Professor Kay Mohanna is a partner in General Practice and is the Course Lead for the Medicine MBChB degree at the Three Counties Medical School In this blog, she addresses the question ‘why be a GP?’ 

When I was a medical student, with every new rotation or placement came a new potential career. After my house officer posts I was not really sure which to choose so I spent some time as a senior house officer in a research post, looking at ethnic factors in health and disease. I did an MA in Ethics and Law and even toyed with the idea of medical journalism. Then I spent some time in community paediatrics. But eventually it became obvious I was missing the variety of patient contact, so I went back and completed training for general practice.

Many excellent GPs may recall being greeted with the cry of ‘Oh, no, what a waste’, when making similar decisions. General practice is not always considered a prestigious career option – but this is mostly only the view of those who have not looked closely enough. Dr Barbara Starfield, an American paediatrician at Johns Hopkins University, writing in the Health Affairs Journal in 2009 just two years before her death, pointed out that her life-time’s worth of research showed:


“Too few true generalists and a surfeit of specialists is bad for population health, bad for the economy, and even worse for health equity.”

Not all generalists are in primary care, but every doctor in primary care is a generalist. We see unfiltered, undifferentiated illness at an early stage and need to develop the skills of living with uncertainty. We see patients who are ill, or who believe themselves to be ill, with vague, multiple, or hidden diagnoses. As Prof David Haslam, past-President of the Royal College of GPs once said:


“General practice is the hardest specialty to do well, and probably the easiest to do badly…the next patient could have schizophrenia or piles, unhappiness or cardiac arrest, anything and everything, and in no particular order.”

Of course, healthcare needs specialists – technical experts in well-defined areas of medicine. If my next patient does have a cardiac arrest, I need to recognise that and enlist the support of the appropriate specialist; I of course cannot manage surgical emergencies alone and where conditions are too rare to maintain competence, I need to have the humility to recognise if I am getting out of date and the patient needs specialist intervention.

Strong primary care, with creative and imaginative GPs, can be a vehicle to address health inequalities. There is international evidence that primary care is important for the development of Universal Health Care which is defined in the United Nations Sustainable Development Goal (3.8) as:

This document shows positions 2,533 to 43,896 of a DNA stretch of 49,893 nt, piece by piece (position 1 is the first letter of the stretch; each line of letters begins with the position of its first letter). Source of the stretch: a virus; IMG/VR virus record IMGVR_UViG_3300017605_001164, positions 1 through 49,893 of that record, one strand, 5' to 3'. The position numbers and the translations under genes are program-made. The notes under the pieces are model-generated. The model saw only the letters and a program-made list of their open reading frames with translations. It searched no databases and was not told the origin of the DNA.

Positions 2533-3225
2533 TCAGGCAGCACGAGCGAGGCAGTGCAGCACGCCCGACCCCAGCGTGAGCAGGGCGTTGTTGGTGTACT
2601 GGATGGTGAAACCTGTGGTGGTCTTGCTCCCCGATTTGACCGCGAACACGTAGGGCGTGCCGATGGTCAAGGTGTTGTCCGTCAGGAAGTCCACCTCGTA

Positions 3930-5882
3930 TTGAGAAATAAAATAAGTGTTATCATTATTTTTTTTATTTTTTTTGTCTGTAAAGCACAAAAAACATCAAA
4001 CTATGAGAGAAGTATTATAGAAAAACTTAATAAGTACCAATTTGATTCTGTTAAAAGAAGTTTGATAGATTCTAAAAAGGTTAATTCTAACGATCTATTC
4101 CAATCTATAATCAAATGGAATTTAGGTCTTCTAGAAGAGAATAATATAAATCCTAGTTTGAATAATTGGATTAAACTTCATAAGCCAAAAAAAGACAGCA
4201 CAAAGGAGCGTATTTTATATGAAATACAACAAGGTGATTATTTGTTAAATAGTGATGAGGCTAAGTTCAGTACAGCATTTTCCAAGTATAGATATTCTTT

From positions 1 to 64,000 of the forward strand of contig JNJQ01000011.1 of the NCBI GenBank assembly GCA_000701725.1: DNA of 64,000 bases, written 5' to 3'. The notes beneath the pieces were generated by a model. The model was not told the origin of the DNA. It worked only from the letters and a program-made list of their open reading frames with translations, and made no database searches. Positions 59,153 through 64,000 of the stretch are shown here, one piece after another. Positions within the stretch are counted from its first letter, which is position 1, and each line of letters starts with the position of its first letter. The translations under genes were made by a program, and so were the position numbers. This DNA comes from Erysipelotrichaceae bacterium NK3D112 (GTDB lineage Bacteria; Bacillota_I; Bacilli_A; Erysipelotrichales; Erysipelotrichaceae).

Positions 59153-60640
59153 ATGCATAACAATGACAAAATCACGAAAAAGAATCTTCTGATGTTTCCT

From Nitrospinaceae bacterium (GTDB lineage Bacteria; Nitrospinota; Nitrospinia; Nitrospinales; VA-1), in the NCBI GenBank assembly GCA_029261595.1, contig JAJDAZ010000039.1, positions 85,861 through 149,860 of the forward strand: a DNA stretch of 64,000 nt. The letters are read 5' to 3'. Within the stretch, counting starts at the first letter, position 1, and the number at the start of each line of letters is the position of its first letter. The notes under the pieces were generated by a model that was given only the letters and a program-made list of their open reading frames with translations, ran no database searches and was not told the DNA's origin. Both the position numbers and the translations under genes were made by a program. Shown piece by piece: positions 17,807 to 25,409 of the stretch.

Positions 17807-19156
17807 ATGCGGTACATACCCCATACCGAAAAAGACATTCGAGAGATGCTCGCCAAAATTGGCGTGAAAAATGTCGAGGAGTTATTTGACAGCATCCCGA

“the aspiration to provide all people with access to essential high-quality health services, safe, effective and affordable medicines and vaccines, free at the point of delivery”.

Areas with better primary care services, including within a given country, have fewer disparities in health between socially advantaged and socially disadvantaged population groups. Improvement in health outcomes is more marked in more deprived populations when primary care improves. In 2018 Chris van Weel and Michael Kidd wrote that:


“Primary health care improves the performance of health systems by lowering overall health care expenditure while improving population health and access.”

So, what is this magic that happens in general practice? ‘I thought it was all sore throats and bad backs’ I hear you say. Well, there is a fair amount of that but these days we are supported by a wide team of senior nurses and advanced practitioners that can manage some of this with us. And sometimes those symptoms represent brewing, sinister conditions that we need to be on the alert for. This ability to provide a comprehensive service avoids referrals for common needs and makes care more efficient. As first contact we can avoid unnecessary specialist visits. But GPs are more than a ‘gatekeeper’ to further care. 90% of healthcare is delivered in primary care and our person-focused care over time avoids disease-focused care, which makes care more effective. Our coordination of care role avoids duplication and conflicting interventions, making care less dangerous.

The final advantage of being a GP, in my view, is we are self-employed and this brings a flexibility that can led to development of so-called portfolio careers. Being blessed with very tolerant partners, who let me go off from time to time to do other things, I have been a university academic since 1999. GPs often combine clinical work with teaching and research, just as our specialist colleagues do, and in addition we might also hold part time positions in expedition medicine or medico-legal work, or have a special interest such as minor surgery or endoscopy. As a partner I have say in the running of the business and we can be innovative with service planning and delivery. Some GPs are even writers and journalists…

Why would you not want to be a GP?



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